WELCOMING THE CHILD-LIKE AND THE CHILDISH
13 People were bringing little children to him in order that he might touch them; and the disciples spoke sternly to them. 14 But when Jesus saw this, he was indignant and said to them, “Let the little children come to me; do not stop them; for it is to such as these that the kingdom of God belongs. 15 Truly I tell you, whoever does not receive the kingdom of God as a little child will never enter it.” 16 And he took them up in his arms, laid his hands on them, and blessed them.
“…when Jesus saw this, he was indignant and said to them,“Let the little children come to me;
Jesus is indignant. The disciples have taken it upon themselves to prevent parents from bringing their children to him. In real life, however, this actually is not too surprising. Imagine yourself in a group discussion and parents started interrupting the teacher by asking the teacher to touch their children. Ordinary courtesy would require the parents to wait their turn. It would be hard for the speaker to maintain a thread of thought and hard for listeners to follow if there were constant interruptions. So the disciples were well within normal limits when they tried to limit interruptions.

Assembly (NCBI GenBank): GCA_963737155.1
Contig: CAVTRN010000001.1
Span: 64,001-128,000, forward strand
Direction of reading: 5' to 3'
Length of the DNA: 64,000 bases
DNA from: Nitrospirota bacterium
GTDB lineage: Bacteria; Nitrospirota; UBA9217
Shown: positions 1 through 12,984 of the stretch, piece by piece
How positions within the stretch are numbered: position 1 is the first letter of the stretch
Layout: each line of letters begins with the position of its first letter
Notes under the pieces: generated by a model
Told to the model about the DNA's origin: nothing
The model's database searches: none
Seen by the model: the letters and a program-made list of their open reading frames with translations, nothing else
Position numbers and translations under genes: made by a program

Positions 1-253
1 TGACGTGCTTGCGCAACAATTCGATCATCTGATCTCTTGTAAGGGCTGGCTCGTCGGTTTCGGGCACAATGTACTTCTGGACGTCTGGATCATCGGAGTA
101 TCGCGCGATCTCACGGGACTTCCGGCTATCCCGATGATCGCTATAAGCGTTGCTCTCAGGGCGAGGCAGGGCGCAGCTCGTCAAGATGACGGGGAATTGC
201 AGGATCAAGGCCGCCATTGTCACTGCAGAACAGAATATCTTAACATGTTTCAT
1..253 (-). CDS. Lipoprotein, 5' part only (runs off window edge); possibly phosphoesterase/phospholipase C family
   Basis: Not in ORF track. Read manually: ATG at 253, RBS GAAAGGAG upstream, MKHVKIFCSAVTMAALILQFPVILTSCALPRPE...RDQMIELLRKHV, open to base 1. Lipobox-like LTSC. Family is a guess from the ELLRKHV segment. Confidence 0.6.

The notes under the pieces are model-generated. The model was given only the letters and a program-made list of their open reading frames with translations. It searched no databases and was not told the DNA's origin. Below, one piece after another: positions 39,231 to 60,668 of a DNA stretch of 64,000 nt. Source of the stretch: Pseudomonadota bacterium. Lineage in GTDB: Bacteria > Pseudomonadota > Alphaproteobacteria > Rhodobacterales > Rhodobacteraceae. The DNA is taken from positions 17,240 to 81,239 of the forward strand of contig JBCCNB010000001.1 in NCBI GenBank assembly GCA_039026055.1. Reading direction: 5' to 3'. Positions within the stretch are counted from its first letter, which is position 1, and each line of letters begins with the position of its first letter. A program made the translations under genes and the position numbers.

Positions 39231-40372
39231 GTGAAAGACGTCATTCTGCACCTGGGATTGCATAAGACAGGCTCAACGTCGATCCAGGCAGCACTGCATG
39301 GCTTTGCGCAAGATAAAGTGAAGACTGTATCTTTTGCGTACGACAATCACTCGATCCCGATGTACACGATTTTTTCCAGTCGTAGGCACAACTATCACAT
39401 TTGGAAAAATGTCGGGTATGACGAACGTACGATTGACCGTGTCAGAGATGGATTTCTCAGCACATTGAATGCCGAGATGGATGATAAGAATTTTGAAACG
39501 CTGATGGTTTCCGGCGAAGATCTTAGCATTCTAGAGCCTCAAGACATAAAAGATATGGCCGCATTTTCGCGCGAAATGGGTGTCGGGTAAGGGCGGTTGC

But Jesus was not pleased. My guess is that at least two things were going on. First, I imagine Jesus had difficulty with the disciples thinking for him. They were busy fixing a problem that wasn’t a problem for Jesus. They simply assumed the job of crowd control. That might be eminently reasonable but they didn’t check with the person they were protecting. In real life unsolicited help is often poorly received. I learned a long time ago to precede any advice or help I might offer with the words, “I have a suggestion if you want it.” Anytime we assume what is best, we are at risk. Our assumptions preclude listening.
Second, I believe Jesus was challenging a particular human assumption about the kingdom of God. The kingdom of God is vastly more inclusive than any earthly kingdom. Children did not have social standing in the first century society. Jesus welcomes them. Samaritans, women, lepers, sinners, the unclean and literally all who Jesus encountered were welcomed—even those who were his enemies. I imagine Jesus’ indignation was a result of his frustration with the disciples. “How many times do I have to tell you—All are welcome!”
We are not immune to similar thick headedness. Who in our lives, do we listen to and who do we dismiss? Inter-personally, we do not get to decide who is important nor we do get to decide what is important to other people. Yet, all too often we have internal assumptions and criteria. Distinguished people with letters behind their name should be listened to. Interrupting children should be seen and not heard. Fox news should be listened to—CNN, not so much—-or the reverse. Whenever we use categories and stereotypes we risk missing individual people. There is no limit on God’s care.
“for it is to such as these that the kingdom of God belongs. Truly I tell you, whoever does not receive the kingdom of God as a little child will never enter it.”